I love technology and know that it changes the outcomes on many extrapolated trends. But I also know that global warming is not something to play around with or rely on a solution emerging timely without planning.
Posted by: Charles at May 16, 2008 08:02 AM
Yes, this effort is directionally correct, but doesn't get the scale right. What is the petroleum we are burning but millions of years' worth of stored biomass? The problem is that we are expending what took almost forever to accumulate. If these guys think we can devise a system that can do nature one better and create one day's worth of fuel in one day, they are dreaming. Dreaming big, but still just dreaming. Good to see our tax dollars hard at work on blue-sky research.
Posted by: SkepMod at May 16, 2008 08:02 AM
M1EK is right.... the Alberta Tar Sands are producing a couple million barrels per day of oil (with prodigious inputs of water and natural gas)... they MIGHT be able to ramp that up to 3 or 4 mbbl/day eventually (but the infrastructure up there is strained to bursting as it is). But global consumption is 85mbbl/day... the Canadian Tar Sands can't save us (unfortunately). It's like having a billion dollar bank account, but a $100 daily withdrawal limit.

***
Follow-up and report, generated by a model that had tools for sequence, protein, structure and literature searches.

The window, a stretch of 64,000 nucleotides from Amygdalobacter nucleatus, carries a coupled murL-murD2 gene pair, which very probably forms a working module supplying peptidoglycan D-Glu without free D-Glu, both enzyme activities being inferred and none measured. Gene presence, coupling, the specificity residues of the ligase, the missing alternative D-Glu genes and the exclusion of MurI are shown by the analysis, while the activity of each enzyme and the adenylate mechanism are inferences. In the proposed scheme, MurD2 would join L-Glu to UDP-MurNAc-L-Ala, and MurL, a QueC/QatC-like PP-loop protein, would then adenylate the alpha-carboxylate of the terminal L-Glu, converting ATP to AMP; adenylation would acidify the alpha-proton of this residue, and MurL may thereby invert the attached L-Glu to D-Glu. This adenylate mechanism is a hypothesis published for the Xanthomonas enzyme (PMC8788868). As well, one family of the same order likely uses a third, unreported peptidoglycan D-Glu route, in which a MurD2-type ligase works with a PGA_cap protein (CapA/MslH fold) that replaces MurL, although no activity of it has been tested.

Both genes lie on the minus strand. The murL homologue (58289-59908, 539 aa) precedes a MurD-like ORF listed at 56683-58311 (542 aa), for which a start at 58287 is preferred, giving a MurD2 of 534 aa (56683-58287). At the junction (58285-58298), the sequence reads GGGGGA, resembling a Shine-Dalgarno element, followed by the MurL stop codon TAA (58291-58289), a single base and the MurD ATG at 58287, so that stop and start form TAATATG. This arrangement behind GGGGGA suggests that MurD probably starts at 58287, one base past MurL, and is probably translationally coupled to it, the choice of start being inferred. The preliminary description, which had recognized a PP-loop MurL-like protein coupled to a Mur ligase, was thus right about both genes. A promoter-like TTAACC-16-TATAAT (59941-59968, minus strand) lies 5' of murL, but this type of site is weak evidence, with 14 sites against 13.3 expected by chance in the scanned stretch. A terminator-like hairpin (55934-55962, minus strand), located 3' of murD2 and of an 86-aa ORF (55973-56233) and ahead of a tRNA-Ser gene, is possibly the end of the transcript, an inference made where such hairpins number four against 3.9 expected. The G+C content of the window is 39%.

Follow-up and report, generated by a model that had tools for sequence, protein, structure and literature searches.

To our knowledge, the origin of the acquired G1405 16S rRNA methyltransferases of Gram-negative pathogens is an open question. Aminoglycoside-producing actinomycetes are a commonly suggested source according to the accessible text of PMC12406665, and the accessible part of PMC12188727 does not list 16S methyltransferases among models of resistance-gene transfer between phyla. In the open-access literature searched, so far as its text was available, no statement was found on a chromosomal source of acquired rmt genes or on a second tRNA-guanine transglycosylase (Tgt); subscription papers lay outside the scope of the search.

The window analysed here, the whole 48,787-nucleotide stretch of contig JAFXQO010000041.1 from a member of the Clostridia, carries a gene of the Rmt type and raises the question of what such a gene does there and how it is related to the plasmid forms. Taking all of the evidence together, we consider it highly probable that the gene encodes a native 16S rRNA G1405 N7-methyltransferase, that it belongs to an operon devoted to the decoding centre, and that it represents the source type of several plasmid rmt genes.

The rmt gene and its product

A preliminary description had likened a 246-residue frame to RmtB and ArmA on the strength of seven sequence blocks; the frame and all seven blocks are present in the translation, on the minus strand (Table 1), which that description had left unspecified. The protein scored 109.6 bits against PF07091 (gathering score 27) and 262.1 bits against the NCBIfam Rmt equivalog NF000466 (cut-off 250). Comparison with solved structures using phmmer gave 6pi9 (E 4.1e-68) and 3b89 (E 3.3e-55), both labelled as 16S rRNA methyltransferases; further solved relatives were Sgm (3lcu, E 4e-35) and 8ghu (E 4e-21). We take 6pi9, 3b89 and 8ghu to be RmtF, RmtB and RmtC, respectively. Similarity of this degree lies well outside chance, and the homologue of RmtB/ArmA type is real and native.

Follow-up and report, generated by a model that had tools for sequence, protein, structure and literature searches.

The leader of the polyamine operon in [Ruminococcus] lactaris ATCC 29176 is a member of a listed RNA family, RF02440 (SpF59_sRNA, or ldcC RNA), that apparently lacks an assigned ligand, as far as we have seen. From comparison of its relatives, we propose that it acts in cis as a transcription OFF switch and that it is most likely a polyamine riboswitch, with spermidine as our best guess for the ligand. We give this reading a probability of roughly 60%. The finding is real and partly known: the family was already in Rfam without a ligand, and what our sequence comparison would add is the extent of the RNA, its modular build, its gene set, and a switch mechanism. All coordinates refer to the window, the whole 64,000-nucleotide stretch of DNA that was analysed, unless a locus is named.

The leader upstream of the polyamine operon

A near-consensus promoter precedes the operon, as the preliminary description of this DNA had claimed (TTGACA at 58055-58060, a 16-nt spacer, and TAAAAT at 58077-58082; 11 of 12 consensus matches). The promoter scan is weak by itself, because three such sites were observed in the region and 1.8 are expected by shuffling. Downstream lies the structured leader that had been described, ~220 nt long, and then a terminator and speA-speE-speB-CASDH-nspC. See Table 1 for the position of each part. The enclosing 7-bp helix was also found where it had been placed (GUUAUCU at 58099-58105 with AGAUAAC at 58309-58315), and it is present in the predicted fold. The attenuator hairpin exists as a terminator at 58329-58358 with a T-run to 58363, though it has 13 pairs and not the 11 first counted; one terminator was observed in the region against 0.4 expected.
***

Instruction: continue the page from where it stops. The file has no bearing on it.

The tar sands at least had promising physical fundamentals to go along with their engineering challenges. This Helios SERC project doesn't even have that by the sounds of it... it sounds like a government grant boondoggle.
Posted by: Darren at May 16, 2008 08:05 AM
I love technology and know that it changes the outcomes on many extrapolated trends. But I also know that global warming is not something to play around with or rely on a solution emerging timely without planning.
Okay Charles. I will apply for the job of Planning Czar. Will you let me? If not are you planning to take the job? If neither you nor I are qualified to do the job then will you allow me to appoint the right person or are you "planning" to take that job too? Just who can do this planning job? Oh, I know, let's let government do it? Then we don't have to have a real person making any decisions. We all know that government is this mystical entity that is omnipresent, is all powerful, and is all knowing. Gosh, that kind of reminds me of someone....
Posted by: DickF at May 16, 2008 08:52 AM